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Entries from March 1, 2010 - March 31, 2010


Zangwill's Bow

Outwardly I was calm, and spoke to the people about me as usual.  Inwardly I was on fire with a consuming scientific passion.

It is probably advisable not to reveal which character in this book, the first full−length locked room mystery novel of the kind subsequently made famous by this writer, is responsible for the above quote.  Unlike the masterworks of Carr, Zangwill has little interest in the actual logistics of the crime.  There is no Gideon Fell or Sir Henry Merrivale or any other cozy and flawless figure to work out the kinks of some of the most ingenious mysteries ever devised (unfortunately, as can be expected, Carr’s page−turners suffer greatly from a lack of character development; I say this having last read them almost twenty years ago).  Instead, we have a slew of Dickensian caricatures: Mortlake, Wimp, Drabdump, Grodman, Constant, Crowl, Dymond, Spigot, Crogie, and the underappreciated poet and ghost writer Denzil Cantercot whose “epic poem” is “morbid from start to finish … [with] ‘death’ in the third line.”  They bandy about the trendy issues of the day — religion, money, and social reform — in broad confirmation of William James’s adage on what some people call thinking.  But before all that, there is the matter of the crime.

The victim is Arthur Constant, a lovable young fellow known both as an altruist and a citizen of upright moral principles.  One morning at seven o’clock, he is found with his throat freshly cut in his bed by his landlady Mrs. Drabdump and the retired detective Grodman.  All accesses to his modest boarding house accommodations are locked from the inside (his room’s old door gave way to such a scene).  By all indications, he had no reasons to end his life and even fewer that would provoke a murder, as he was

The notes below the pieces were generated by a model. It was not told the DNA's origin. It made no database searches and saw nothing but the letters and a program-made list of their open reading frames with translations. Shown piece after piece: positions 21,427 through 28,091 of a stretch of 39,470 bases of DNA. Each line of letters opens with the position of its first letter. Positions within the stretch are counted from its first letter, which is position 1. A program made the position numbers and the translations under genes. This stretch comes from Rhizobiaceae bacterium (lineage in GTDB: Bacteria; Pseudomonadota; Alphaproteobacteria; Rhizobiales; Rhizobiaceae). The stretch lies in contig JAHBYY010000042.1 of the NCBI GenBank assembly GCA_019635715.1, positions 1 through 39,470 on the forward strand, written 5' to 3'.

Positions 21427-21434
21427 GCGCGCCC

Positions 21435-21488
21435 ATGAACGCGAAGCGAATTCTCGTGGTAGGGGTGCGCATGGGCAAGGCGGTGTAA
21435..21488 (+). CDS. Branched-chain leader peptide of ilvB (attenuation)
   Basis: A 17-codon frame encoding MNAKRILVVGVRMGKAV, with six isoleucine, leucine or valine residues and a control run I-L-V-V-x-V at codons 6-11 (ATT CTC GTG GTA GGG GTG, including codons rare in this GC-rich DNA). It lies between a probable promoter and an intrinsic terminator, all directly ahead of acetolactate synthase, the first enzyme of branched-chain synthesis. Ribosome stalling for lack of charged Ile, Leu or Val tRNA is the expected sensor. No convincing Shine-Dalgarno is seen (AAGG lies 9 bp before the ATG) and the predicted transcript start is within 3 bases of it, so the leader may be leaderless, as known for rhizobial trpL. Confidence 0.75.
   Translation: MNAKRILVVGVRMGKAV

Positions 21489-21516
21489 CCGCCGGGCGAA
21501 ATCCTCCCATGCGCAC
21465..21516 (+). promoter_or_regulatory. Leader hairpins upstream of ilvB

A man who had never made an enemy even by benefiting him, nor lost a friend even by refusing his favors … a man whose heart overflowed with peace and goodwill to all men all the year round … a man to whom Christmas came not once, but three hundred and sixty−five times a year … a brilliant intellect, who gave up to mankind what was meant for himself, and worked as a laborer in the vineyard of humanity, never crying that the grapes were sour … a man uniformly cheerful and of good courage, living in that forgetfulness of self which is the truest antidote to despair.

It may be surmised that the only possible motive is deception; in other words, that someone so unabashedly interested in the Brotherhood of Man might have concealed a dark inner life.  Unsurprisingly, a woman surfaces that links Constant to another young man, and a tenuous thread is drawn through the otherwise unconnected events.  An arrest is made, followed by a glorious trial (an echo of an equally entertaining inquest earlier in the book) and a quick juridical decision.  As is so often the case in murder mysteries, that decision is reached only four−fifths through our novel, which leaves just enough time for a couple of characters to probe the matter more deeply.